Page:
Kitchen with stainless steel surfaces

How to Clean Brushed Stainless Steel

Stainless steel brings a polished atmosphere to any home.

Best known for its resistance to corrosion and rust, stainless steel is often a popular choice for kitchens and bathrooms.

If you own anything made with stainless steel, you already know that it rarely 100% stainless.

Water spots and fingerprints often decorate the surfaces of kitchen appliances. Grime, dirt and dust threaten to allow rust to develop on your stainless steel.

To keep the brilliant shine that stainless steel is known for takes a little bit of elbow grease and some specific cleaning techniques.

By adhering to the steps outlined below, you can clean and maintain stainless steel appliances for years to come.


Mistakes to Avoid with Stainless Steel

Before you do anything to your stainless steel, you need to know what not to do.

Some popular products used for cleaning can damage stainless steel countertops, sinks and appliances.

These are the techniques and products you should avoid:

  • DO NOT use excessively hard water as it may leave rust stains and spots.
  • DO NOT use chlorine bleach or any product with it as an ingredient.
  • DO NOT use highly abrasive scrubbers, steel brushes or steel wool as they will cause scratches and may leave small particle residue that will rust.
  • DO NOT use oven cleaners.
  • DO NOT clean when hot or warm, wait until cool to the touch to avoid damage.
  • DO NOT use cleaners with an abrasive texture.


The Right Way to Clean Stainless Steel

While the list of DO NOTs may make cleaning and maintaining stainless steel seem intimidating, it really is quite easy once you know how.

Keep the DO NOTs in mind whenever you clean stainless steel but do not let them overwhelm you. Read on to learn how to do it right.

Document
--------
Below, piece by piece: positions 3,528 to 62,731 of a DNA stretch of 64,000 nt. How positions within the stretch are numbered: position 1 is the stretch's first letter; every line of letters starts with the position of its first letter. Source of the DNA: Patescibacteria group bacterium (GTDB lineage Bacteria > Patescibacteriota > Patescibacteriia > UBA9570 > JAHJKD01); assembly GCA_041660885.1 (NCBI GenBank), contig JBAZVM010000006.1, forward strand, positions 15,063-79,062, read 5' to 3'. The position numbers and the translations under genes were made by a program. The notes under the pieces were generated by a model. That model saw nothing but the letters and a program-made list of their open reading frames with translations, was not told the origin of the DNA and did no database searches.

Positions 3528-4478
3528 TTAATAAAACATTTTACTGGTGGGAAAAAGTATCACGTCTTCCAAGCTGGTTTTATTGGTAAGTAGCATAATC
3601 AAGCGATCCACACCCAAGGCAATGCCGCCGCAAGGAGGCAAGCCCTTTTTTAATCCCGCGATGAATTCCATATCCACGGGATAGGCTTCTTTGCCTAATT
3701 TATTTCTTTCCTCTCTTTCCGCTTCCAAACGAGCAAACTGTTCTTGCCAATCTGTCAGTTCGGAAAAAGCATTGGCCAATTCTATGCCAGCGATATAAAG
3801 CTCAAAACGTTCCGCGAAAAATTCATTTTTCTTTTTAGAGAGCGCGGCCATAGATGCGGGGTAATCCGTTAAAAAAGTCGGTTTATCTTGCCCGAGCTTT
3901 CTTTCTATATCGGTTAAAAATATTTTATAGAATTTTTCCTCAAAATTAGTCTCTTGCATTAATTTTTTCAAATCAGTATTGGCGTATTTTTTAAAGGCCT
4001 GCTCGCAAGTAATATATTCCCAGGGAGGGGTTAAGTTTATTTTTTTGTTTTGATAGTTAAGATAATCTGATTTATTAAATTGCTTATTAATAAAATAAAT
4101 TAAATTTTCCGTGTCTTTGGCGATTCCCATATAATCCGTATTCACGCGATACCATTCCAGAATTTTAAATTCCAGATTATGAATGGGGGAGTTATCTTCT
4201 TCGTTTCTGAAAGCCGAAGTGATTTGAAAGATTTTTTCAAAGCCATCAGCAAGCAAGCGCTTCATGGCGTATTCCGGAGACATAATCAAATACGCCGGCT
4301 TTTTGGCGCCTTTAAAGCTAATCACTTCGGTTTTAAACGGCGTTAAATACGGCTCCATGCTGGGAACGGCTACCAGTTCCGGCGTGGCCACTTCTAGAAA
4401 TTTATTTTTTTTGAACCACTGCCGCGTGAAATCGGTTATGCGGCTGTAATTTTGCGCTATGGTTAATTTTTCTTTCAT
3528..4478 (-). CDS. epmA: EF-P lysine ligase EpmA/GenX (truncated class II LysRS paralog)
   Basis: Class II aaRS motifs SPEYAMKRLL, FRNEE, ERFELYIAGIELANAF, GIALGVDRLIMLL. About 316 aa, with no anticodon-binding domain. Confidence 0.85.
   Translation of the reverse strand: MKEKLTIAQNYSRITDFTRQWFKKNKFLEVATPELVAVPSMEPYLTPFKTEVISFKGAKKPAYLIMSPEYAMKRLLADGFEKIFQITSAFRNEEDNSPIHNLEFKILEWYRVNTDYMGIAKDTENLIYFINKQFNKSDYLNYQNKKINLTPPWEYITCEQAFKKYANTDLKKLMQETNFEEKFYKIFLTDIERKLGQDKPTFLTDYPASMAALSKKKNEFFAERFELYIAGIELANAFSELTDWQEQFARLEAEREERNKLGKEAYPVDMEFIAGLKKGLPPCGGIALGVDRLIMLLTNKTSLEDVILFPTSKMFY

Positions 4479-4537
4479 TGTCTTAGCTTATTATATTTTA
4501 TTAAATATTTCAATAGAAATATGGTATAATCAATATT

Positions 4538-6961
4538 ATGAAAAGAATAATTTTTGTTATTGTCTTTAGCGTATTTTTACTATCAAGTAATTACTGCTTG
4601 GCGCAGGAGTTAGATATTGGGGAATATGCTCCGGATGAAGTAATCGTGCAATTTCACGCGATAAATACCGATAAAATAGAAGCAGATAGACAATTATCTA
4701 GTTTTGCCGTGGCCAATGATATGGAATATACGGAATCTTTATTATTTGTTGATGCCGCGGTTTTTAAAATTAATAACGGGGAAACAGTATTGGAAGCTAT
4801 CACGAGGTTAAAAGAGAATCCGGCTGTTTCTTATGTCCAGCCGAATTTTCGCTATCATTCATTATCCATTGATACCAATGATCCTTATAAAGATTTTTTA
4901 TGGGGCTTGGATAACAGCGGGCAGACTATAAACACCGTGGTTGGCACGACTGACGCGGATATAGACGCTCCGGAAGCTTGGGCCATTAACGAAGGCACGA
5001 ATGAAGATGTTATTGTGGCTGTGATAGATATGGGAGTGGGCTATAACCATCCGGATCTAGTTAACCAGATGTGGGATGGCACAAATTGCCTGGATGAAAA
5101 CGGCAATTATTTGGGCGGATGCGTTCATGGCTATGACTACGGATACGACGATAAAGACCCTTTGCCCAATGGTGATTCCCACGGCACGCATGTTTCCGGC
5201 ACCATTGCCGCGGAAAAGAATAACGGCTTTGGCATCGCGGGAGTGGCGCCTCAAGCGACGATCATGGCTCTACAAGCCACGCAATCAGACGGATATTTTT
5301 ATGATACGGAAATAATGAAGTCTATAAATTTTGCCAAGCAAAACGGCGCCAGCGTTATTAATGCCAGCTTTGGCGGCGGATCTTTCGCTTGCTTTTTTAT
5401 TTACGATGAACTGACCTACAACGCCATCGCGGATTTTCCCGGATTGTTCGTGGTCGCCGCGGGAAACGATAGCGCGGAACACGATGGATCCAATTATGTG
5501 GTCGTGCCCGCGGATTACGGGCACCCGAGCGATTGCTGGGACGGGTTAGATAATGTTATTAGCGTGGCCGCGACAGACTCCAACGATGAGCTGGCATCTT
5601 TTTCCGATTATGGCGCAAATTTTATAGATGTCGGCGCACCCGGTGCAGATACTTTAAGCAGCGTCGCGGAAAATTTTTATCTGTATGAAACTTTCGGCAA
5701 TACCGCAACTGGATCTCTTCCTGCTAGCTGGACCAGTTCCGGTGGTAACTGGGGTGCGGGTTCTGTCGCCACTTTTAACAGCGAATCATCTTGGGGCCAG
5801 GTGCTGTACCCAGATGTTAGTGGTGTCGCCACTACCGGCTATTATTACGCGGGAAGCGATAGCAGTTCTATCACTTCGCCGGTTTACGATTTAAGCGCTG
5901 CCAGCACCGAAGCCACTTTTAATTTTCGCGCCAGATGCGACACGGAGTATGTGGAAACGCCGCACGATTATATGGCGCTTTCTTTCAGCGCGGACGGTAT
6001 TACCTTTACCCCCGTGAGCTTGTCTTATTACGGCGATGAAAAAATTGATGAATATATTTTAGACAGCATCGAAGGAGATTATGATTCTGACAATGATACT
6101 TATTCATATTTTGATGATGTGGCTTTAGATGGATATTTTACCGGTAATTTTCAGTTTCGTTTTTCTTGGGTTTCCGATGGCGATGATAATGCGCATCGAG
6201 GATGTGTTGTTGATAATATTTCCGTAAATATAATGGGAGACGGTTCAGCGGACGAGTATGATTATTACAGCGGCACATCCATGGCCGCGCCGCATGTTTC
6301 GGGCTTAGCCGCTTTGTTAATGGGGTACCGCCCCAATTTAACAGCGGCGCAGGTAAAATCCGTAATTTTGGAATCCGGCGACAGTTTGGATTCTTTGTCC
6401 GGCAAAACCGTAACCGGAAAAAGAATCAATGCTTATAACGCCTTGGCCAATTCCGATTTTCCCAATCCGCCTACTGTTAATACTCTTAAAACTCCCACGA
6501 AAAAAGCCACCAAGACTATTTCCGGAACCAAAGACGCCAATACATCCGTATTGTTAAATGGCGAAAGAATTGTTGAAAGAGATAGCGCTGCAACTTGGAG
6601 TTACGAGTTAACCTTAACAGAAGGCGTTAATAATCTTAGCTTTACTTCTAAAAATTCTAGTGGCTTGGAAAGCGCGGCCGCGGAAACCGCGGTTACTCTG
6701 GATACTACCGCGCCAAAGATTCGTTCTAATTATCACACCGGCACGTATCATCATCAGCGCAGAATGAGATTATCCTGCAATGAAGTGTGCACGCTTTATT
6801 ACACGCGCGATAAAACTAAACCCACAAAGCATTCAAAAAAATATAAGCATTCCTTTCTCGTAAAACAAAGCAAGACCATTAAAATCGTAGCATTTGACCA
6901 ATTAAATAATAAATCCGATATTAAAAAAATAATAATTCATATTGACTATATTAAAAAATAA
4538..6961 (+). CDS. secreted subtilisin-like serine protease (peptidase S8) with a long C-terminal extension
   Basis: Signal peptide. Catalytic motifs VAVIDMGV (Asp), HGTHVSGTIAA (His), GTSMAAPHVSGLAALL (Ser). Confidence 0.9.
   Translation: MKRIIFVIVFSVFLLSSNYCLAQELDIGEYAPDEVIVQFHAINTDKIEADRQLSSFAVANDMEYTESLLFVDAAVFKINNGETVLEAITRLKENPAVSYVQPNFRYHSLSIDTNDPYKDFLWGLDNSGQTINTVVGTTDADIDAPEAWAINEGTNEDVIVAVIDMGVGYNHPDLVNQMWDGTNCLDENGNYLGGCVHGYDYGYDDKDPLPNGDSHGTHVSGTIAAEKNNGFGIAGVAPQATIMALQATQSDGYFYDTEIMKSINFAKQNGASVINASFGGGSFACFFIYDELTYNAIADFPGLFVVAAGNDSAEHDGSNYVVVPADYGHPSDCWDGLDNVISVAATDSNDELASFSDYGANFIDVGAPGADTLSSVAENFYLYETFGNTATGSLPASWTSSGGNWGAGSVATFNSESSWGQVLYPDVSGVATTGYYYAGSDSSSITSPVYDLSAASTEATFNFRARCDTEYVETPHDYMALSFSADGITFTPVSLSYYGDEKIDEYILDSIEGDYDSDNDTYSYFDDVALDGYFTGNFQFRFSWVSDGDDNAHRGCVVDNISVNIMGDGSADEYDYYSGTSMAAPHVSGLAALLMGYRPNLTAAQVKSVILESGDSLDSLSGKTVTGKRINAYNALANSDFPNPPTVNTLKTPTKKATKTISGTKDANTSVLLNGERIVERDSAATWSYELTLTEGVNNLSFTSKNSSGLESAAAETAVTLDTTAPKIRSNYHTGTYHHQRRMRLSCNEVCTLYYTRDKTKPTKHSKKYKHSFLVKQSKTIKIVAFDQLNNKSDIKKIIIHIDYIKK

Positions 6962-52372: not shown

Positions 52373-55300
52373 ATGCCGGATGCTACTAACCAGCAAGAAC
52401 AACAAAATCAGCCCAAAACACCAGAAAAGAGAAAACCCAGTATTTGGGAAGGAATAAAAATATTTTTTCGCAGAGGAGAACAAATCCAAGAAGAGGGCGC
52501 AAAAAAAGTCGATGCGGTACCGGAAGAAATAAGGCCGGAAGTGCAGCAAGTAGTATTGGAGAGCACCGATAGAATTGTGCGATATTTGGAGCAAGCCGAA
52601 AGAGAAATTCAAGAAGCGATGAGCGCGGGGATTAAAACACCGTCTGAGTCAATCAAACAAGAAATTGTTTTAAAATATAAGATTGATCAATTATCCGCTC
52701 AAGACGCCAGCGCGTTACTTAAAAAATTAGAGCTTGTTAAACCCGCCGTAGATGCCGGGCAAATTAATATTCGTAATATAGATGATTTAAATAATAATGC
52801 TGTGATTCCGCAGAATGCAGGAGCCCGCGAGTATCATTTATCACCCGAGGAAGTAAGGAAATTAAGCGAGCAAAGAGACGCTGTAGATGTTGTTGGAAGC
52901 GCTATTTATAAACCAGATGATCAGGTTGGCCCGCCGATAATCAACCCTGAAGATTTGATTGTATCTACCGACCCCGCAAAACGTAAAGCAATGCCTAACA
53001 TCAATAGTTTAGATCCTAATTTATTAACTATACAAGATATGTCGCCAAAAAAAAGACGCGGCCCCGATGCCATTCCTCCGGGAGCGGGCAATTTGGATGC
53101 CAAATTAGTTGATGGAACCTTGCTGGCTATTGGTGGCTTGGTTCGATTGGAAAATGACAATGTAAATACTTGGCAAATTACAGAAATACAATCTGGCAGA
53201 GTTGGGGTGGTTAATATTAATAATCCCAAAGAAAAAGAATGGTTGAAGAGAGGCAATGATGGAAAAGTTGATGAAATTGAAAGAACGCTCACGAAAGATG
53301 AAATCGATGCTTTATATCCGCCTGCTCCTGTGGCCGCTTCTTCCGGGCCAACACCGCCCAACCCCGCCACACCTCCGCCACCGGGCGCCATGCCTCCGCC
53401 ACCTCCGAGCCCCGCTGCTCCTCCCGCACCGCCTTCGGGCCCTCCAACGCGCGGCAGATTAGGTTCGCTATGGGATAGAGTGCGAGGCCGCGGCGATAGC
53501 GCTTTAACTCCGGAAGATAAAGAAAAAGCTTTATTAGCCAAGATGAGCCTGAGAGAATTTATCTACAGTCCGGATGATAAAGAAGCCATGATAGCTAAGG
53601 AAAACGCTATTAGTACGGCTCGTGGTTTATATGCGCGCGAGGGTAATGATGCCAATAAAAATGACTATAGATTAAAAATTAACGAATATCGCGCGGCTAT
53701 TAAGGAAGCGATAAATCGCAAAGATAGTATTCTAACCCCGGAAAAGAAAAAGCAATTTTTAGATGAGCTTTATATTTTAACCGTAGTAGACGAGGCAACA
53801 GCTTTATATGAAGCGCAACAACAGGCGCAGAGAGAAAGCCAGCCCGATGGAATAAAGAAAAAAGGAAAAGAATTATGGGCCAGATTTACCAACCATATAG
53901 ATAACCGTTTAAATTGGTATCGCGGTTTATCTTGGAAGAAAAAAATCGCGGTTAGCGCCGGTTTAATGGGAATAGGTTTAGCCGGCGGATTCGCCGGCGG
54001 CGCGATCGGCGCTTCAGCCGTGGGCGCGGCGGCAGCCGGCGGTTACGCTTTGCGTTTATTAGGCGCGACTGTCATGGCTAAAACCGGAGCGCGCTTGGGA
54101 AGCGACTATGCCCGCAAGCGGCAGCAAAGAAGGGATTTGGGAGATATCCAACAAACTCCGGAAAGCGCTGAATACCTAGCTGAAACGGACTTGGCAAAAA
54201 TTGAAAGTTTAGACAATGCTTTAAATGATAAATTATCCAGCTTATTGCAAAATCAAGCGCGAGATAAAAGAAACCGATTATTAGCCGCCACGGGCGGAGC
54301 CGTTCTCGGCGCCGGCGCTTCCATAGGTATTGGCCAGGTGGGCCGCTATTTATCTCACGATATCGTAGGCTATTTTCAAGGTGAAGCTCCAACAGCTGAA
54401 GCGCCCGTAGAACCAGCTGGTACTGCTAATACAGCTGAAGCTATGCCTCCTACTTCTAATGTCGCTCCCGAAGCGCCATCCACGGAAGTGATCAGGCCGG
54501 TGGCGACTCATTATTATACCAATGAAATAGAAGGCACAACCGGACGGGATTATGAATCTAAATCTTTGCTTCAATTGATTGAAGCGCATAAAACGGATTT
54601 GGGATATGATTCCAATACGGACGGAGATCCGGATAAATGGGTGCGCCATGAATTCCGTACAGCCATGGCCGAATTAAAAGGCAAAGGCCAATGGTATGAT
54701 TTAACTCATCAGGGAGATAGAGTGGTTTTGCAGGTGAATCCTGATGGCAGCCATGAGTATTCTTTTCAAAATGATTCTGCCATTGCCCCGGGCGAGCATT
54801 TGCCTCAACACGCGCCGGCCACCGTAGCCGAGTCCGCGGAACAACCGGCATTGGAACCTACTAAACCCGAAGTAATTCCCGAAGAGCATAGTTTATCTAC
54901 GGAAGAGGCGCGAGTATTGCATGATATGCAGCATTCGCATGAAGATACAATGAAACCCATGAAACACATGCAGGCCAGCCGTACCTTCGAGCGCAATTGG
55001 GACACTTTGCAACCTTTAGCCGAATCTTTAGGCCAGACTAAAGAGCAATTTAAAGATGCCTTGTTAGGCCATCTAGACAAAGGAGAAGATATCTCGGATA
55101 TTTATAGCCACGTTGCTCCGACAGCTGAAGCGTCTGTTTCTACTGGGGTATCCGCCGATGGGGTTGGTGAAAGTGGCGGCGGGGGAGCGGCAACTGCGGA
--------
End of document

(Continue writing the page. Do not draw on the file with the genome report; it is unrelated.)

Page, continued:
Go with the grain

The first thing you need to understand about stainless steel is that it has a grain just like some fabrics and wood.

In order to properly maintain it, you need to know how to recognize the direction of that grain.

If you look closely, there are slight striations on the surface of stainless steel. That is the grain. Keep in mind that any knobs or handles attached to an appliance may have a separate grain.

While you will not destroy an appliance by cleaning it against the grain, it won’t really get clean.

In fact, wiping against the grain will allow grime and cleaning residue to get deeper into the little crevices that comprise the grain.

This may leave your stainless steel vulnerable to corrosion and will undoubtedly dull the shine.


Follow the owner’s manual

You should also pay close attention to the owner’s manual that comes with any stainless-steel appliance you own.

These will often have specific instructions for maintaining and cleaning that particular item. Follow the care instructions to the letter.


Brushed stainless steel appliances


Products for Cleaning Brushed Stainless Steel

Plain water (for basic spills)

Plain water will do just fine for basic clean up like wiping up spills or small stains. You can also use mineral or deionized water for this, but it is not necessary.